• Vol. 3, No. , April 2007

    Recently I came across a copy of Walt Henley Overseas, a 1929 adventure novel written by former subchaser crewman and yachtsman/writer Alfred Loomis -- who, shortly after the war, wrote various light-hearted but entertaining articles about chasers. See the review page, just posted. The cover pictures a submarine chaser with fictional hull number "012." Normally I skip over "youth literature" (not my cup of tea), but this book was signed by Loomis, so I picked it up as a collectible chaser-related item. Then I got sucked in. Not by the story, which is predictably filled with cliché characters and events, but by the descriptive detail. In providing the settings for the story, Loomis describes places and events from his actual, personal experiences serving on chasers in the war. This, I thought, was neat, as there are little details that don't show up in more traditional articles, diaries and so on. Upcoming events: This month (Sunday, April 15) I am speaking at a meeting of the Maine submarine veterans group, Maine Sub Base, in Augusta, Maine. I look forward to talking about the first-generation of ASW devices and the chasers' role in WWI, to a group that has first-hand experience in the more modern art.

    --Todd Woofenden, Editor

    New WWI History Site: In the Great War: Accounts of WWI

    The act is still a bit rough, but I think it's an act... My new podcast site, In the Great War, is starting to take shape, and I expect to start submitting the feeds to iTunes and other podcast-aggregating sites soon. The latest episode, just posted, is an audio-only podcast on the Durazzo bombardment of 2 October, 1918. In this incident, eleven submarine chasers accompanied Italian and British cruisers on a raid of the enemy submarine base at Durazzo, Albania, in the only major naval engagement of the war that the U.S. Navy participated in. Comments and suggestions on the site or the content are welcome. I especially want to know if something is hard to understand, doesn't work properly, or is troublesome in some other way. You should be able to view/listen using your browser, or download the episodes to play them later on, on an mp3 player or on your computer. [Editor's note: In the Great War is no longer active.]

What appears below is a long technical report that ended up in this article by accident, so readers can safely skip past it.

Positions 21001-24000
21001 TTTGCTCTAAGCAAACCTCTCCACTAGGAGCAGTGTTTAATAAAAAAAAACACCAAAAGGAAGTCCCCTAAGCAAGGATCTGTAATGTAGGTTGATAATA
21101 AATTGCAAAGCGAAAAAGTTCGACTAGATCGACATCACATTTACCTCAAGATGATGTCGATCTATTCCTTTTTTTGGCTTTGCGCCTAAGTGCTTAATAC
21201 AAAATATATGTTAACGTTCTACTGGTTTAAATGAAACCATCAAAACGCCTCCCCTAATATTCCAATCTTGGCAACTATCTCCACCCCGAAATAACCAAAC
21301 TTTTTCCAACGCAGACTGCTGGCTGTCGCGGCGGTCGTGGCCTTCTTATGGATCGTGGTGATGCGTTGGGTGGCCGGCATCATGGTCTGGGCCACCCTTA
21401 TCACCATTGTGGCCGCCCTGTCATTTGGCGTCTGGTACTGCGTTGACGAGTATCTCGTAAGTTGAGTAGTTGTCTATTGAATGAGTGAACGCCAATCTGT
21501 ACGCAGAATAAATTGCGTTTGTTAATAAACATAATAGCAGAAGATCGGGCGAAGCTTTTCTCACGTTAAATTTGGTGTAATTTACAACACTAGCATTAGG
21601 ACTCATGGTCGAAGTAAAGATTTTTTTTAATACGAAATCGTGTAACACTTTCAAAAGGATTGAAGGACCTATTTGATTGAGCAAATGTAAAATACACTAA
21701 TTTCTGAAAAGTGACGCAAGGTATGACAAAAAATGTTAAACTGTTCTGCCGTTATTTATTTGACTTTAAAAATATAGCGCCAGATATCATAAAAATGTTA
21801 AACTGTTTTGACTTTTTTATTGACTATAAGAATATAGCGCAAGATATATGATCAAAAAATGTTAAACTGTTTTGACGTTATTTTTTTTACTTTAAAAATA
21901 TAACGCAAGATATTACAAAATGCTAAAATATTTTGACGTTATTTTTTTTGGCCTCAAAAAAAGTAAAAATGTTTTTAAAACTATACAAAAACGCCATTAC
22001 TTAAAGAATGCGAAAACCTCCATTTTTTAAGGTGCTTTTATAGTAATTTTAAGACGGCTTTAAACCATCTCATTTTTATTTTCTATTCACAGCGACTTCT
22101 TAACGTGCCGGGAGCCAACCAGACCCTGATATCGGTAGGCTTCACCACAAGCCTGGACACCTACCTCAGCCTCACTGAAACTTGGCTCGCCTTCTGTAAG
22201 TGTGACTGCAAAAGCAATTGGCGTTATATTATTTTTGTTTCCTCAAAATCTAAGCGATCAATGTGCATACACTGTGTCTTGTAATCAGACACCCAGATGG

New in Tactics & Equipment >> Devices

    Antique radio collector Mike Schultz is working on restoring a CW-926A radio telephone amplifier, a model used on subchasers in WWI. This page is well worth a look. Mike is painstakingly restoring the unit to clean, working condition. The page shows fine details of the device, and the process of cleaning, repairing and refinishing every component. His next step in the project is to restore a case for the unit. Inspired by conversations with Mike about this unit, just posted is a set of scans of diagrams drawn by subchaser radio man Henry "Harry" Tegler during his training for service on a chaser. Tegler attended USN radio school prior to sailing overseas to serve from the subchaser base at Corfu, and continued training in his role as radio electrician. Another item in Mike Schultz' collection is a 1917 Navy Type CN-113 Receiver, the model shown in the radio shack photo from the collection of Jim Warren. By next month a new set of radio telephone and related images should be up, from page scans and photos that Mike has submitted.


    New in Chaser Models >> Hull Design

    An interesting photo is presented, showing the interior of a submarine chaser under construction. The hull has been built and partly closed in, but the interior space has not yet been built out.


    New in The Chasers >> Hull Number Photographs

    Just submitted by Dan Treadwell are three hull number photos, showing: subchaser SC 1, subchaser SC 2 and subchaser SC 3 From the Naval Historical Center collection.

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